Catrin Lundström is Associate Professor of Sociology at the Institute for Research on Migration, Ethnicity and Society (REMESO) at Linköping University. Her research investigates the intersections of inequality and privilege in relation to migration, whiteness, trans/nationality and citizenship. She holds a PhD in Sociology from Uppsala University with the thesis Svenska latinas: ras, klass och kön i svenskhetens geografi (Makadam, 2007). She has also been a postdoc at UCGS, Umeå University and a visiting researcher at University of Arizona, Tucson and University of California, Santa Barbara. Her book White Migrations: Gender, Whiteness and Privilege in Transnational Migration (Palgrave, 2014, Swedish ed. Makadam 2017) covers Swedish migration in southwestern US, southern Spain and Singapore. In a later project, she investigated how returning migrant women negotiate national identity and gender equality in Sweden. Currently, she is finishing the book Vit melankoli: en analys av en nation i kris (co-authored with Tobias Hübinette) which will be published with Makadam fall/winter 2020.


Football Fantasies and Desert Dreams: On the allure of projects in contemporary Egypt

Datum: 07 december 2020 13:00 - 07 december 2020 14:30
Plats: https://stockholmuniversity.zoom.us/j/63224341404



In Egypt these days, projects (mashari‘) are omnipresent. While men from most social classes hunt for and execute small business projects to supplement diminishing wages, the militarised state invests enormous resources and prestige in mega projects: bridges, roads, land reclamations, a whole New Administrative Capital.

In this paper, I think through the allure of Egyptian projects across scales. Combing data from participant observation among men who construct small neighbourhood football pitches with public debates, planning and propaganda about mega projects, I suggest that projects evoke dreams of prosperity in a future which, on the one hand, is highly tangible, but which everyone accepts will never fully arrive. While conjured as platforms for the creation of values in a manageable the ‘near future’ (Guyer, 2007), most projects end up half-completed, abandoned and deferred

The paper’s ethnographic renderings of small-scale football projects cast new light on the state’s obsession with mega projects. While there are many reasons to speak about Egypt’s ‘desert dreams’ in terms of ‘failure’ (Sims, 2016), why do the authorities continue to project, despite all? Could it be that the repetitive pursuit itself is what makes the project form so attractive? If so, sober comparisons between plans and results might not capture what is at stake. Let us instead consider projects as a particular kind of masculinised statecraft: idealised avenues for provision, crisis management, future making, and bold action.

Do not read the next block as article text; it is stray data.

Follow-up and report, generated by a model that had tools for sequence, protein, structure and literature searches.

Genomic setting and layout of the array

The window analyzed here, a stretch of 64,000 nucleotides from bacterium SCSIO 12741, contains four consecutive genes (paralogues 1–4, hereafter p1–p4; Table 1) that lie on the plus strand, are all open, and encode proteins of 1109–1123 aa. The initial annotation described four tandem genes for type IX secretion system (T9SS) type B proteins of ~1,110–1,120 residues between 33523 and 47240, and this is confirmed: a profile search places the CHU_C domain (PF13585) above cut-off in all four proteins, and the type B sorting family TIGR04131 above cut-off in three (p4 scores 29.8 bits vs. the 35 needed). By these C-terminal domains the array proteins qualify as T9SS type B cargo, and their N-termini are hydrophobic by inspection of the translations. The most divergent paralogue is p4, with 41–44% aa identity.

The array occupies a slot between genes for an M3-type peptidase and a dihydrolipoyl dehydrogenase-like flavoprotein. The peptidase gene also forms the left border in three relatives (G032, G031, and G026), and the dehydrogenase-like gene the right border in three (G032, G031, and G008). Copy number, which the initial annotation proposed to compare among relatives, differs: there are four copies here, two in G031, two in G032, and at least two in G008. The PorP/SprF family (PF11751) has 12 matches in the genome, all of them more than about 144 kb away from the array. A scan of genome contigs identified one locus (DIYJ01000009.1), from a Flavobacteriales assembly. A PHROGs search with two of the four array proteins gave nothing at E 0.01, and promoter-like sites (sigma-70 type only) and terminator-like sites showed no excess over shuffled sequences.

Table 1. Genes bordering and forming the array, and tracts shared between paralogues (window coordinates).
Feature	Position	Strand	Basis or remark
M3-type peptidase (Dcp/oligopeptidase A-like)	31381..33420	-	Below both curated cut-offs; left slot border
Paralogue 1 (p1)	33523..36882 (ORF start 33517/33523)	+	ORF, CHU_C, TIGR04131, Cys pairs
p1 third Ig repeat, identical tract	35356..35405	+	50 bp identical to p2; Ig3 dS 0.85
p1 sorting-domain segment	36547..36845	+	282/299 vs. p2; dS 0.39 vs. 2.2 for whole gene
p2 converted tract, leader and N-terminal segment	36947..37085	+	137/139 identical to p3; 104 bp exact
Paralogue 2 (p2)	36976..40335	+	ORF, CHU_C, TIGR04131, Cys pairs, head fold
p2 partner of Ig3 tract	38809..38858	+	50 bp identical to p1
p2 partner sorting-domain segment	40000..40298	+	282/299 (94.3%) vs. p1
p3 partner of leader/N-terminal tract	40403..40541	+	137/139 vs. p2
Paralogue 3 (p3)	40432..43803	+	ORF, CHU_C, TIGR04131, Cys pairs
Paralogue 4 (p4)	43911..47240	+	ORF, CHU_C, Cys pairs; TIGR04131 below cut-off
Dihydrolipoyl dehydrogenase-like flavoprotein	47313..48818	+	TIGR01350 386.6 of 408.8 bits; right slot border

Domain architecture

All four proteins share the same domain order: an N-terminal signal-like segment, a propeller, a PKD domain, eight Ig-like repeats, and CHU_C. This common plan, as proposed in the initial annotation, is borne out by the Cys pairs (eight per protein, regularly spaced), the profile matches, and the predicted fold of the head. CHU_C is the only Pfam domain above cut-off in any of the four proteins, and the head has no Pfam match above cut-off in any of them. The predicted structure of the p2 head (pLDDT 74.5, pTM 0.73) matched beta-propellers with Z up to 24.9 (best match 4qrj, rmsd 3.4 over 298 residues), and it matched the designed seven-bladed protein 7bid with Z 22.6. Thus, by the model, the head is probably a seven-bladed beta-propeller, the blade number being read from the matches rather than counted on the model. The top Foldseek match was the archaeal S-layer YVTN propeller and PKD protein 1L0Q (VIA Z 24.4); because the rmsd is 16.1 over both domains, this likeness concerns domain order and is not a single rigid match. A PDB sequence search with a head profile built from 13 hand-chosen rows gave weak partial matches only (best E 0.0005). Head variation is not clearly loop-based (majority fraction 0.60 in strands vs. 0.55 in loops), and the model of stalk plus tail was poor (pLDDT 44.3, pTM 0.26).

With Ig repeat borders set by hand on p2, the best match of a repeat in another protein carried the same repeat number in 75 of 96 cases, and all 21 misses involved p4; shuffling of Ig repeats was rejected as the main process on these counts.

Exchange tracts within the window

Carl Rommel is a social anthropologist, who earned his PhD from SOAS, University of London (2015). His doctoral research explored the emotional politics of Egyptian football before and after the January 2011 Revolution. Currently, Rommel holds a postdoctoral research position in the ERC-funded Crosslocations project at the University of Helsinki. His ongoing field research in Cairo interrogates intersections between precarity, masculinity, temporality and urban space in, around and through a variety of large and small ‘projects’ (mashari‘). Rommel’s research has been published in Critical African Studies, Middle East – Topics & Arguments, and Men and Masculinities. His first monograph, Egypt’s Football Revolution: Emotion, masculinity, and uneasy politics will be published with The University of Texas Press in summer 2021.

INSTÄLLT ”Stop Shooting” Focused deterrence and crime prevention strategies in Malmö, Sweden



Gun violence is an increased concern in Sweden. How are political authorities and the police dealing with violence prevention efforts in practice? What violence reduction strategies do they employ and what impacts do such interventions have on people and communities who are targets for such efforts? Building on theories on crime prevention and policing, this presentation will focus on the issue of gun violence in Malmö and the prevention methods employed. In Malmö, the police, social service and law enforcement agencies are currently implementing an American model (Group Violence Intervention) to reduce crime and gang related shootings. What kind of social and cultural challenges does Malmö face in terms of how to implement an effective program that can prevent gun violence? Based on ethnographic fieldwork among policy and decision makers in Malmö, interviews with key-persons who work with violence prevention in practice, as well as, individuals who partake in violence reduction programs, the aim with the project is to investigate the actual consequences of such strategies.

Anna Hedlund is a researcher at the Department of Sociology/Division of Social Anthropology, Lund University. Anna is currently conducting research on gun violence and crime prevention efforts in Malmö, Sweden. The research project is funded by Forte.